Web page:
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An Uncivil Agenda: Race Commission Is Propagandistic, Say Two Members
By John J. Miller
If every product put out by the U.S. Commission on Civil Rights displayed the scholarly rigor and intellectual candor seen in the dissenting statement attached this week to the panel’s recent report on the Florida vote, then perhaps the agency would be worth its annual price tag of $ 9 million. It would function as a sort of federal think tank on race relations, issuing fair-minded assessments of what may be our country’s most frustrating dilemma.
The dissent, written by commissioners Abigail Thernstrom and Russell G. Redenbaugh, calls the U.S. Commission on Civil Right’s report on the November presidential election in Florida “a dangerous and divisive document.” The Thernstrom-Redenbaugh statement is a blistering attack on the report that has consumed the commission all year. It offers strong evidence that there is a single solution to the commission’s troubles: complete abolition of it.
A Spiraling Commission
The liberals who currently control the commission generated headlines around the country earlier this month when they leaked a report claiming to have unearthed evidence of “widespread disenfranchisement and denial of voting rights” in the Sunshine State. Yet as Thernstrom and Redenbaugh show in compelling detail, this attention-grabbing report was merely “a partisan document that has little basis in fact.” When the commission was created in 1957, one of its fundamental missions was the investigation of voting-rights abuses. This made sense, given that so many blacks were denied access to the ballot box throughout the Deep South. But now—36 years after the passage of the landmark Voting Rights Act—the commission has botched its handling of the most important voting-rights controversy in a generation. Instead of performing its noble purpose, the commission has become an embarrassing farce.
The person most responsible for its downward spiral is Mary Frances Berry, its chair. She strongly supported Al Gore during the presidential election. When the result of that race was still uncertain, she told an audience, “We are either in a position in the next few weeks—those of us who believe in the cause of human rights near and far—of having to mobilize, nudge and use our elbows to make sure that Al Gore stays on the right path.” Right before President Bush’s inaugural, she declared, “The fundamental bedrock of our country has been torn asunder.” She also called Bush’s victory “a threat to our domestic institutions.” Berry nevertheless maintained that she was capable of leading an objective probe of the Florida balloting, where Bush narrowly defeated Gore and earned enough electoral votes to become president. Yet time and again, she has demonstrated herself unfit for the job. She recently compared Florida Gov. Jeb Bush and Secretary of State Katherine Harris to “Pontius Pilate—just washing their hands of the whole thing.” This is a revolting comment, especially coming from a person who scheduled one of the commission’s monthly public meetings this year on Good Friday.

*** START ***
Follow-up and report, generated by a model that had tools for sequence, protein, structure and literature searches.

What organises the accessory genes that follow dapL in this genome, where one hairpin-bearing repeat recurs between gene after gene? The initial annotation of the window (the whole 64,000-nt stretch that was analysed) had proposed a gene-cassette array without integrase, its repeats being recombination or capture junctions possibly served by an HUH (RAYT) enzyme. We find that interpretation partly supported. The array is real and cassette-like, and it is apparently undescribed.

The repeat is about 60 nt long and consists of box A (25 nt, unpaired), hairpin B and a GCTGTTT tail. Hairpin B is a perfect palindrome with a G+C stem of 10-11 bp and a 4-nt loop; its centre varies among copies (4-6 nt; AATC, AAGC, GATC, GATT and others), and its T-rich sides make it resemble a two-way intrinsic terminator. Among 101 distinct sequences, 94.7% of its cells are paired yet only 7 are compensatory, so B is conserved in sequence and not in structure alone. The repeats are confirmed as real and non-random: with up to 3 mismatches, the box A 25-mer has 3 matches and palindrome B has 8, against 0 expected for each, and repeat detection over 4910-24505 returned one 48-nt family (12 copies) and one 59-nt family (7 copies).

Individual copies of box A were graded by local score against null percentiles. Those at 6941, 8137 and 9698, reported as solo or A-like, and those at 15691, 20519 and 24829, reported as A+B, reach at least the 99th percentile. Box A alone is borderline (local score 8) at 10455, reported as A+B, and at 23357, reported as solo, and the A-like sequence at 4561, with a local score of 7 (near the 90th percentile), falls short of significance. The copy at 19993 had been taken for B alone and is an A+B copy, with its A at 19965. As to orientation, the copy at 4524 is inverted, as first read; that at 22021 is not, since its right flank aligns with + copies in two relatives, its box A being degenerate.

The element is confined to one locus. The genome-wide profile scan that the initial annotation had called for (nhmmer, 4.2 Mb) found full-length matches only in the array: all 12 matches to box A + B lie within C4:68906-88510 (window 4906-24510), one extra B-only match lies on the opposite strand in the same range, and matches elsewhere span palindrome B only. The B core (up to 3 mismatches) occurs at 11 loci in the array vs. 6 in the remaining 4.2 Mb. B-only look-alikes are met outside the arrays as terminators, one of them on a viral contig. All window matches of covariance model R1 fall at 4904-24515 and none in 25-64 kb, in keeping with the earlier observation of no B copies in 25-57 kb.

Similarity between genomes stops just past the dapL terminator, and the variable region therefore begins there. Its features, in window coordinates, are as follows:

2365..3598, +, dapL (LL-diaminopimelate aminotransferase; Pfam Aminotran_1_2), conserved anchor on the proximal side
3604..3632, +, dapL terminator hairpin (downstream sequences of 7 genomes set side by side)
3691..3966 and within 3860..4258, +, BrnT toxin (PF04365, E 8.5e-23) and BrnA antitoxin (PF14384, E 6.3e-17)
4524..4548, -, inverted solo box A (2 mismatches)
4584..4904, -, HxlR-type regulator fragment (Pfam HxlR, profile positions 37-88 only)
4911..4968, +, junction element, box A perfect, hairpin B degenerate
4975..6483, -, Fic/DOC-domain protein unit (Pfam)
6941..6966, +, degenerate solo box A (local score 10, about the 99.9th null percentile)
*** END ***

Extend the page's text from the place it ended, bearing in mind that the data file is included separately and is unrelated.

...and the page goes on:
The Thernstrom-Redenbaugh dissent, 57 pages in length, is an exhaustive and devastating critique of the commission’s report. It also offers fascinating new interpretations of what happened in Florida, thanks in part to a detailed analysis performed by John Lott, an economist at Yale Law School. Berry’s Bogus Claim Lott, for instance, shows that there does not appear to be a statistically significant relationship between the share of Florida voters who were black and the ballot-spoilage rate. What’s more, he reveals that the incidence of ballot spoilage increased when a Democrat supervised the local election—and went up even further when that Democratic official was black. This is powerful evidence undercutting Berry’s claim that something akin to a racist conspiracy was afoot last fall. An honest report on what happened in Florida would have admitted what Lott found. But honesty is an endangered species at the commission, which has spent more than a decade rendering itself irrelevant to the civil rights debate. In 1997, the General Accounting Office labeled it “an agency in disarray” for a series of organizational problems that still lack a fix. When Bill Clinton announced that he would convene a new commission on race, he bypassed the one he already had—no doubt because even the political left believes the existing commission is a useless organ. With the Florida report, though, the commission has sprung back like a wounded animal, inflicting actual harm on American race relations. As Thernstrom and Redenbaugh note, “The shoddy quality of its work, its stolen-election message and its picture of black citizens as helpless victims in the American political process is neither in the public interest nor in the interest of black and other minority citizens.” This is worse than irrelevancy, and it’s final proof that the commission has outlived whatever usefulness it once had.
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